Tomato puree on the left, juice on the right.  Yes, there are a few seeds in my tomato puree that were small enough to escape through the holes of my sieve, but by the time herbs and spices are added, it's not noticeable.  I add my herbs and spices to the dish I'm making when I add the tomato puree.  Usually Oregano, Fennel, Basil, Garlic, Onion, and maybe some Marjoram.  If you're making spaghetti for people who are accustomed to commercially-canned spaghetti sauce, add sugar.  We find that our heirloom tomatoes have enough sweetness on their own.

Tuesday:

Hubs worked on the gates this morning while I messed around in the garden.  I picked our first small batch of Fortex beans.

I was going to pick Provider bush beans, too, but by the time I got around to them, it was misting-almost-raining and my dad always used to say not to pick beans while the plant is wet because that encourages disease.  I don't know if he was right or not but it was a rule he always followed.

I noticed there were some blackberries on the Doyle plants that were ready to pick:

And, oh, LOOK!  I've got a dipper gourd already!

Remember the raspberry plant I bought at Tractor Supply last spring, and I rooted a piece I cut off it to get an extra plant?

I actually rooted a second piece, but it died shortly after it was transplanted.  But hey.  Two for the price of one will work for me.  I can root more next spring, or maybe even this fall when the weather cools some.

Then I decided to cut dill umbels before the seed scatters itself out into the garden and gives me another glut of plants to have to tear out like I had to do this spring.  And guess who I found?

Am I right that this worm is the larvae of the Monarch Butterfly?  Well, if that's true, my dill is feeding several.  I moved this one to an umbel that wasn't ripe yet, but all the others were in better places so I left them undisturbed.

This day was my appointment with Dr. Finley in Tulsa.  Have I said enough times how much I HATE to go to Tulsa?  The appointment was for 3:25 and we didn't get out of there till 5:30.  It started to rain about the time we got there and everybody's cellphones went off with flash flood warnings.  Dr. Finley was well pleased with the way my right eye has healed since he performed the epiretinal membrane peel, and he said my left eye, since I have 20/20 vision from it now that I've had cataract surgery, is not at the point yet where it needs to have anything done.  Good news.

We beat it for home as soon as we were finished there, not wanting to hang around and risk getting caught in high water somewhere.  It was raining steadily but not torrential, but we were in rush hour traffic so we felt much relief when we got out on the open highway and even better than that once home.    

Wednesday:

Woke up to a steady rain.  We've had over an inch because the bullet tank beside the garage was overflowing.  I'm grateful for this good rain without the drama of high winds and/or lightning.  It will allow me to spend my time at some effort other than watering and save $$ on my water bill.  Plus this cool night we are to have will encourage more flowers on the tomato plants, which stop blooming when the weather's hot.  Pennies From Heaven, if you will....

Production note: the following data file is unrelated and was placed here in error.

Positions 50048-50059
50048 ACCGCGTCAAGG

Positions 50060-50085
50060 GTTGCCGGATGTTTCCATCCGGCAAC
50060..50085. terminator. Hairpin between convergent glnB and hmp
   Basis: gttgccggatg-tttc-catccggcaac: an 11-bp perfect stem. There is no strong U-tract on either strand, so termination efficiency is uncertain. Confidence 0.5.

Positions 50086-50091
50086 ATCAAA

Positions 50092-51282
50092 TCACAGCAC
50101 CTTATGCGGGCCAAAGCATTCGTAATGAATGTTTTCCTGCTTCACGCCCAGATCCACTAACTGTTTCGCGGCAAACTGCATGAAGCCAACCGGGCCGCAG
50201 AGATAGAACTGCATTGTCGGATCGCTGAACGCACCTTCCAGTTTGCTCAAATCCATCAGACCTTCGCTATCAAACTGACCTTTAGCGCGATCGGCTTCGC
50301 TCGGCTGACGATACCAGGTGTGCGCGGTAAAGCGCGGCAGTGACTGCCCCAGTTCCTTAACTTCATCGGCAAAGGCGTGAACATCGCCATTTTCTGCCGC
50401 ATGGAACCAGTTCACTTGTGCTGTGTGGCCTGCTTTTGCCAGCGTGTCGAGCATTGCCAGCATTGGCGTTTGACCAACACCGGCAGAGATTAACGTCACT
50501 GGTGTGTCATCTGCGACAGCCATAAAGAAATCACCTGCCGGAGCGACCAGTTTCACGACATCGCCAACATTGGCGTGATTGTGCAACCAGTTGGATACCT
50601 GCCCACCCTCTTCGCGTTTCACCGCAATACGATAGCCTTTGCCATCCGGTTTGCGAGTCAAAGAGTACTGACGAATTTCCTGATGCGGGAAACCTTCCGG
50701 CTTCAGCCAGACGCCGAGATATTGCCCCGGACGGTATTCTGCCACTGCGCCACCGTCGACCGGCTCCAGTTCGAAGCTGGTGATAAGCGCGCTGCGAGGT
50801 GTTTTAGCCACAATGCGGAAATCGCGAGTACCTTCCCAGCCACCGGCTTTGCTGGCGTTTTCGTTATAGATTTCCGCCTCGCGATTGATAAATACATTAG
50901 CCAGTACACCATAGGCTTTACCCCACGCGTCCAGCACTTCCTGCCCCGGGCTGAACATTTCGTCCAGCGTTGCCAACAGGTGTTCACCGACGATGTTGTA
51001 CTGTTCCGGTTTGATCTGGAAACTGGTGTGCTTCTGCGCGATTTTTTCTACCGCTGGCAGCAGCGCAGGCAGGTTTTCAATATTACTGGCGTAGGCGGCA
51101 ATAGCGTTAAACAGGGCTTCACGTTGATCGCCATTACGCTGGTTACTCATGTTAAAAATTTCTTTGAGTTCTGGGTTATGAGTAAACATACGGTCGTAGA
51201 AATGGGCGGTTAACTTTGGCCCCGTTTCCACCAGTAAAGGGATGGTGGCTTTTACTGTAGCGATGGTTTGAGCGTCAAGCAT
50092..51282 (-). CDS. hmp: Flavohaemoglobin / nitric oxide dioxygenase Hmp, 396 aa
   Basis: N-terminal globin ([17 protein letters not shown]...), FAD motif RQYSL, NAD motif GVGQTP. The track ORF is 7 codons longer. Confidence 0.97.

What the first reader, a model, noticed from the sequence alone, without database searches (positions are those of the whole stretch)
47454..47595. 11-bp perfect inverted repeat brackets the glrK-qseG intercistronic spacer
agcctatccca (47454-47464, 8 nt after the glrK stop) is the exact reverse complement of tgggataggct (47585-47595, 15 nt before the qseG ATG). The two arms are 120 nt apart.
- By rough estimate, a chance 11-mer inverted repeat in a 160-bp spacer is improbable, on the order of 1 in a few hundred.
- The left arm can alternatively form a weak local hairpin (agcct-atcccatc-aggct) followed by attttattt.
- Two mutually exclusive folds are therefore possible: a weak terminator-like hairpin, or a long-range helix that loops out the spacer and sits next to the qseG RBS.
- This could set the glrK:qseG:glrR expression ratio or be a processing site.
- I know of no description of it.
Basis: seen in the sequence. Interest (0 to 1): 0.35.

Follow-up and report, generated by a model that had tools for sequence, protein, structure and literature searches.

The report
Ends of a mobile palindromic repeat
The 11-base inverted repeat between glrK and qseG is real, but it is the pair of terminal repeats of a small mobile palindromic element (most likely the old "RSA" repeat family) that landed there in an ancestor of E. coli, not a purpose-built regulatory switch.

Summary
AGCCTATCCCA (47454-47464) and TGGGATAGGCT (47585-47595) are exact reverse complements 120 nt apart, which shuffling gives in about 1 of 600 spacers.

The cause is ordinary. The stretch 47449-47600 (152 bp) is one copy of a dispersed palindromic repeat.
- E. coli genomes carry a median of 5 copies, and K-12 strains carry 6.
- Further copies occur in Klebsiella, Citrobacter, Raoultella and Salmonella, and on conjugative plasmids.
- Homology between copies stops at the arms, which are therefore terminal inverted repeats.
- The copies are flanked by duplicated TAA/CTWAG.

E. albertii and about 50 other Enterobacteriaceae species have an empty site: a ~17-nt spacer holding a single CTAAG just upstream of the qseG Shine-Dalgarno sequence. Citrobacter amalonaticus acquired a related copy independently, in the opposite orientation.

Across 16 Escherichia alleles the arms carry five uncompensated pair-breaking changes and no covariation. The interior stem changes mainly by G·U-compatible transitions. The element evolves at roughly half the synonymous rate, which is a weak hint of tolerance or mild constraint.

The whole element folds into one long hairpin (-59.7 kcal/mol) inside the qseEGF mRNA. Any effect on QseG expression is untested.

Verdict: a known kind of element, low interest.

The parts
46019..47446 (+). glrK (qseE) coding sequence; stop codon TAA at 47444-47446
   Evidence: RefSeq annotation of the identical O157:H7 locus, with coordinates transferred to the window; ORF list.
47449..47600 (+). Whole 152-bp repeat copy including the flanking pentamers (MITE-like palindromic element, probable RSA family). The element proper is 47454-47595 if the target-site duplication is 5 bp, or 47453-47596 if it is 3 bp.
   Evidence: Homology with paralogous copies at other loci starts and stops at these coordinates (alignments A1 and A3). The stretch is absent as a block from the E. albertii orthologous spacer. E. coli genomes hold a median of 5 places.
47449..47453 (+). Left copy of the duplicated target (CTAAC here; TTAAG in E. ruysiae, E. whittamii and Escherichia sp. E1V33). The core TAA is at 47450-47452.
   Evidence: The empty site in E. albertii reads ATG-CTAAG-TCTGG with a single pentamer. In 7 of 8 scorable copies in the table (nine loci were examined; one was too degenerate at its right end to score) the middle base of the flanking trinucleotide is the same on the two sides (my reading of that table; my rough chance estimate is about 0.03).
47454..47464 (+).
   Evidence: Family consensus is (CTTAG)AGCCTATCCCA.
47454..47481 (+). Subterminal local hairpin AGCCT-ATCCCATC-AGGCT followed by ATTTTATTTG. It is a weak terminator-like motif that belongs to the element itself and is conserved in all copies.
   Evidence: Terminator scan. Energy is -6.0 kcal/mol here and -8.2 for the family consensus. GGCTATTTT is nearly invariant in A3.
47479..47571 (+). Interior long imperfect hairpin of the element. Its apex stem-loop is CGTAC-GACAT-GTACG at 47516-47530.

I repotted some geraniums and set out some begonias into the ground from pots.  They are just more than I can take care of when they're in pots.  I've lost some of them, they will have a better chance in the ground.  Cuttings taken this fall will easily root in water for next year.

Here are a few random pictures:
Paula's red cannas.  They look so tropical and yet they are hardy in this zone.  Paula, those are your Chickasaw Plum bushes in the background.

Red gladiolus, the bulbs bought at Aldi last spring.  So strange... I bought two boxes, they were supposed to be various colors.  All the pink ones ended up amongst the Bridal Wreath, all the red ones ended up in the Cellar Bed.

Another Daylily, from Glenda.
Pearly Everlasting AKA Rabbit Tobacco.
Garden Phlox.  Got these at a plant swap.  Perennials.
A "Designer Echinacea", bought at Green Thumb Nursery last year.  They are fragrant perennials.  I bought a red one, too, but it died.

Malabar Spinach.
Broomcorn: A volunteer.
The Tansy is really pretty this year.  They dry wonderfully for flower arrangements and wreaths.
This is some kind of edible gourd, more about it later when I get a fruit.
 Buckwheat.  O-Tay, Panky!
They have to be hulled before they'll yield anything edible.  I'll probably just plant them.  The bees love them and they are good cover crop for the garden.  I think it's cool that the leaves AND seeds are heart-shaped.

Strawberry Spinach.  Mostly for the birds.  The berries taste like mulberries.  Pretty though, aren't they?

Volunteer watermelon.  I believe this will be Crimson Sweet.

Tomatillos.  I planted Purple, Aunt Molly, and Pineapple.  I was looking forward to trying the Pineapple but unfortunately, all but one died.  This one's Aunt Molly.
I've never eaten a tomatillo before.  Reminded me of a green pepper.

Gosh, these grow slow.